Sheridan just can’t understand how she’s been on Z’Ha’Dum all these years. “It’s my home now,” she tells him. Sheridan asks about the Icarus and the rest of her crew. He wants answers. Pieces of the puzzle begin to unravel as she explains how the Shadows' vessel was uncovered on Mars [remember Season Three, Episode 8, Messages From Earth] and how the Earth government planted a homing device on the craft for tracking purposes. I imagine someone may have died having to plant that thing on the skin of the craft or on board. The signal began projecting from Z’Ha’Dum. It was then that the scientific expedition dispatched to their destination via The Icarus. Anna says there was an accident and the aliens were awakened from hiding. They apparently asked [though I somehow doubt that] for silence in exchange for studying Shadows technology and advancements. Being the science geeks they no doubt happily obliged voluntarily. Wouldn't you if you saw a giant spidery critter? Of course.

Meanwhile Franklin is looking at a variety of brain scans and it is notable there is an incision at the base of her head and top of her neck. Franklin is also comparing the Anna Sheridan scan to that of Carolyn Sanderson, Bester’s girl, whom we met in Season Three, Episode 14, Ship Of Tears, as one of the many telepathic guinea pigs implemented via program by Psi Corps. Anna’s work seems less invasive, but apparently she too has been experimented upon and implanted. Sheridan is given word of the information and his behavior is all the more notable for it as he is far more resolute and decisive in his planning from this point forward.

Prior to leaving Sheridan records a time-delayed message for Delenn. It will play over his personal sacrifice at the end of the finale. He tells her he’s thought hard about this and he has designs on changing the future by heading to Z’Ha’Dum. I suspect this is going to significantly impact the prophecy. It must. Of course the prophecy could be that he was warned time and again and still ventured to his awaiting fate despite all the warnings. Argh! Anyway, just as Delenn expressed her love to Sheridan earlier, “John, I do love you,” he in turn tells Delenn in his transmission “I love you Delenn, goodbye.” That’s pretty much a lump in your throat moment especially when she touches the video screen wishing she could reach him. So do they still share a child? Perhaps it’s all changed now.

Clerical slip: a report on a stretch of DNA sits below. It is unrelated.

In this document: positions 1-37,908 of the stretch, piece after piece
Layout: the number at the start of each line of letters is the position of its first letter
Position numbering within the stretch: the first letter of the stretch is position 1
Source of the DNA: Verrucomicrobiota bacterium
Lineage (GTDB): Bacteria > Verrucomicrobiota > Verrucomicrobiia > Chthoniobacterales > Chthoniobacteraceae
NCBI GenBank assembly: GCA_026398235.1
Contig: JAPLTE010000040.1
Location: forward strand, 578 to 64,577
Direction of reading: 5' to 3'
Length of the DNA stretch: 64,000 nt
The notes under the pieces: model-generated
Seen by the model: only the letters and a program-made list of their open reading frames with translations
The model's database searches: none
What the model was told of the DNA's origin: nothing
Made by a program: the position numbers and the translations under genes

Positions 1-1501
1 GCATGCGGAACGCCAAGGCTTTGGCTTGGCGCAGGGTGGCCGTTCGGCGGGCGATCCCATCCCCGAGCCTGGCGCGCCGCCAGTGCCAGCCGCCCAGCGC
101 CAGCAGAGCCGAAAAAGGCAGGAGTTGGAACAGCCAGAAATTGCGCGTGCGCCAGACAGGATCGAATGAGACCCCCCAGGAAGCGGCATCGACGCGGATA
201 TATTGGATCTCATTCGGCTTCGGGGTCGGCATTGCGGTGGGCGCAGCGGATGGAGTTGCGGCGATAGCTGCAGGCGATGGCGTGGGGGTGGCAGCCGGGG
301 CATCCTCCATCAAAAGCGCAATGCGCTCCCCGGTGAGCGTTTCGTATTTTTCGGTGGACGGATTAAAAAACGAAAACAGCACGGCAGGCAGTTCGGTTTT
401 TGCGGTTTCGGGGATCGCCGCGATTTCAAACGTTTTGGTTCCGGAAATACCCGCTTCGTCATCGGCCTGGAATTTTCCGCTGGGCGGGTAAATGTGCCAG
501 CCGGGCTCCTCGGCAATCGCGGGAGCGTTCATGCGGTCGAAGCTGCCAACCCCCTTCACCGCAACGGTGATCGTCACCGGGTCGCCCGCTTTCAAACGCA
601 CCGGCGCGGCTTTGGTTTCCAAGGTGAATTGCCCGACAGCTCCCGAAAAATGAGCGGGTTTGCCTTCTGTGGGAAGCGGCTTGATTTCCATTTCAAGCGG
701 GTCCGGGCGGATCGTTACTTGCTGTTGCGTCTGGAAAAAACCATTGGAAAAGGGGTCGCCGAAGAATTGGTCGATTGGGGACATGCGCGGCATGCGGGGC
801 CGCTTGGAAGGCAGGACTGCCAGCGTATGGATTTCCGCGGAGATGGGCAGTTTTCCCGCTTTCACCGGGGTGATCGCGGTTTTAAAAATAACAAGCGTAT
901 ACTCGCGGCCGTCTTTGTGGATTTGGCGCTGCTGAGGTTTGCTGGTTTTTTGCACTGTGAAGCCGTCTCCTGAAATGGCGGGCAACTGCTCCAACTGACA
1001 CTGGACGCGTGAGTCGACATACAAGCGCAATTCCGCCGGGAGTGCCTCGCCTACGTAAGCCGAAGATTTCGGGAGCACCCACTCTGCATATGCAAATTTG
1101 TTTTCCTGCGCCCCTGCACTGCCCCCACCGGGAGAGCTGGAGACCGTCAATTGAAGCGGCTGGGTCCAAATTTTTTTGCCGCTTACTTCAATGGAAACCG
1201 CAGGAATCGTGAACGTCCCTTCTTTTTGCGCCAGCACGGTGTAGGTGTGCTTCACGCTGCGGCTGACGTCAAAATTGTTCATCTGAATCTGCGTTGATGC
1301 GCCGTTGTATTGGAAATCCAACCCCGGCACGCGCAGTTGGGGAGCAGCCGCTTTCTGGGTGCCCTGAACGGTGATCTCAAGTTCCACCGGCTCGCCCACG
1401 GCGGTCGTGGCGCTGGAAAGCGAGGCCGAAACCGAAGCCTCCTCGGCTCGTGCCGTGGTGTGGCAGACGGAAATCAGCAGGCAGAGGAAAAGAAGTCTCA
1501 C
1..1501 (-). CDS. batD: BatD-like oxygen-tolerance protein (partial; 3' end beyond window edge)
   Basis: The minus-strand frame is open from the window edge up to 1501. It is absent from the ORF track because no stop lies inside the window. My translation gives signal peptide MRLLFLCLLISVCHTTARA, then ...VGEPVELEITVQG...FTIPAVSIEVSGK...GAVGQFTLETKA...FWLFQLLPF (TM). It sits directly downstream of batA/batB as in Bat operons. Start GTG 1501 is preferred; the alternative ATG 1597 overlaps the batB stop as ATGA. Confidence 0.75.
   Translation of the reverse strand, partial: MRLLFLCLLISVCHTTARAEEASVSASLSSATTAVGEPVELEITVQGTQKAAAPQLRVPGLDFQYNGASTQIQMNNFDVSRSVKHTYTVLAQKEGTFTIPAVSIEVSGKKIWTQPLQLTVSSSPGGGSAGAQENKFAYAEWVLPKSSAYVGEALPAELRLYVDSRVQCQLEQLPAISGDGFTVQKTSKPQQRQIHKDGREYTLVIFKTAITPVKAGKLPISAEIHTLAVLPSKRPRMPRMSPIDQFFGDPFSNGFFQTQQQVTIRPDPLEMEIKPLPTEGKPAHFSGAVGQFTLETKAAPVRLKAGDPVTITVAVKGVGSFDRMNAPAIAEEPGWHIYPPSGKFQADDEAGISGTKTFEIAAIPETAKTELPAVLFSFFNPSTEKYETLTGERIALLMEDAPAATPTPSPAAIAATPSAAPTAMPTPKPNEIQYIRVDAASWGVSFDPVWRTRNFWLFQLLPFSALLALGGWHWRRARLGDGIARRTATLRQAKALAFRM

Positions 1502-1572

Sheridan starts organizing and packing heat, actually two heaters to be exact. While prepping before a mirror we are visited by our old cryptic friend Kosh [and not that nasty NEW Kosh fellow]. This is the real deal. The vision once again warns him if he goes to Z’Ha’Dum he is certain to die. So with that kind of confidence at his back Sheridan heads to Z’Ha’Dum anyway with Anna via the White Star. This moment really feels genuine as if Sheridan and Garibaldi are saying farewell and may never see each other again.

It was definitely interesting how Anna sort of recoiled at her surroundings on the White Star. The ship is steeped in Vorlon technology and with her long-term exposure to The Shadows she is clearly sensitive to it. She tells John The Shadows fear Vorlon technology and it affects her now too. It could kill them. Anna isn’t right or isn’t with the right side to be sure or as Franklin puts it to Ivanova, “there’s a problem with Anna.”

Upon arrival on Z’Ha’Dum we discover their civilization is completely underground for security reasons. She must take Sheridan’s weapon [the one maintained in plain sight]. I can imagine Sheridan thinking to himself, 'Don’t worry sister I have another heater because I wasn’t bloody born yesterday'. They enter a room. They are greeted by the slimy Morden and a kindly, grandfatherly-looking fellow named Justin. It’s like walking into a den of thieves or spider's web. Justin, played with a benign face of excellence by Jeff Corey, is pure delicious evil. Footnote: Corey appeared in Season Three of Star Trek: The Original Series, Episode 21, The Cloud Miners. I knew he looked familiar. He was also blacklisted int he 1950s by the House Committee On UnAmerican Activities and sadly has since passed in 2002. His performance here is solid and quirky. Moving on, he explains to Sheridan how the galaxy is a kind of intergalactic family tree. Yeah, I’m sure the Shadows never played with this guy’s head. Nothing wrong with him. Let's see, they blame the Vorlons for messing with humans at a genetic level while The Shadows play all innocent that they would never manipulate humans for their own ends. This is a nice reminder of his fine turn in the episode.

Justin explains how the Vorlons are like parents or “Lords Of Order” as he puts it. The Shadows believe in conflict to grow stronger and weed out the weak. He tells Sheridan that the Vorlons want you “to play nice.” Funny thing for a guy in favor of conflict, he sure represents a group that desires rule with an iron fist and order dictated from the top down. The Shadows have a dream of course that is specifically beneficial to, ummm well, The Shadows. Justin really lays out the players here and paints a hierarchical picture starting with The Vorlons and The Shadows as the shepherds of the universe. From these two tribes there are races below them, some will be taught, some destroyed. It’s like evolution theory in motion and the application of Natural Selection as theorized and published by Charles Darwin in On The Origin Of Species By Means Of Natural Selection [1859] implemented Babylon 5 style with The Shadows and The Vorlons being the final arbiters.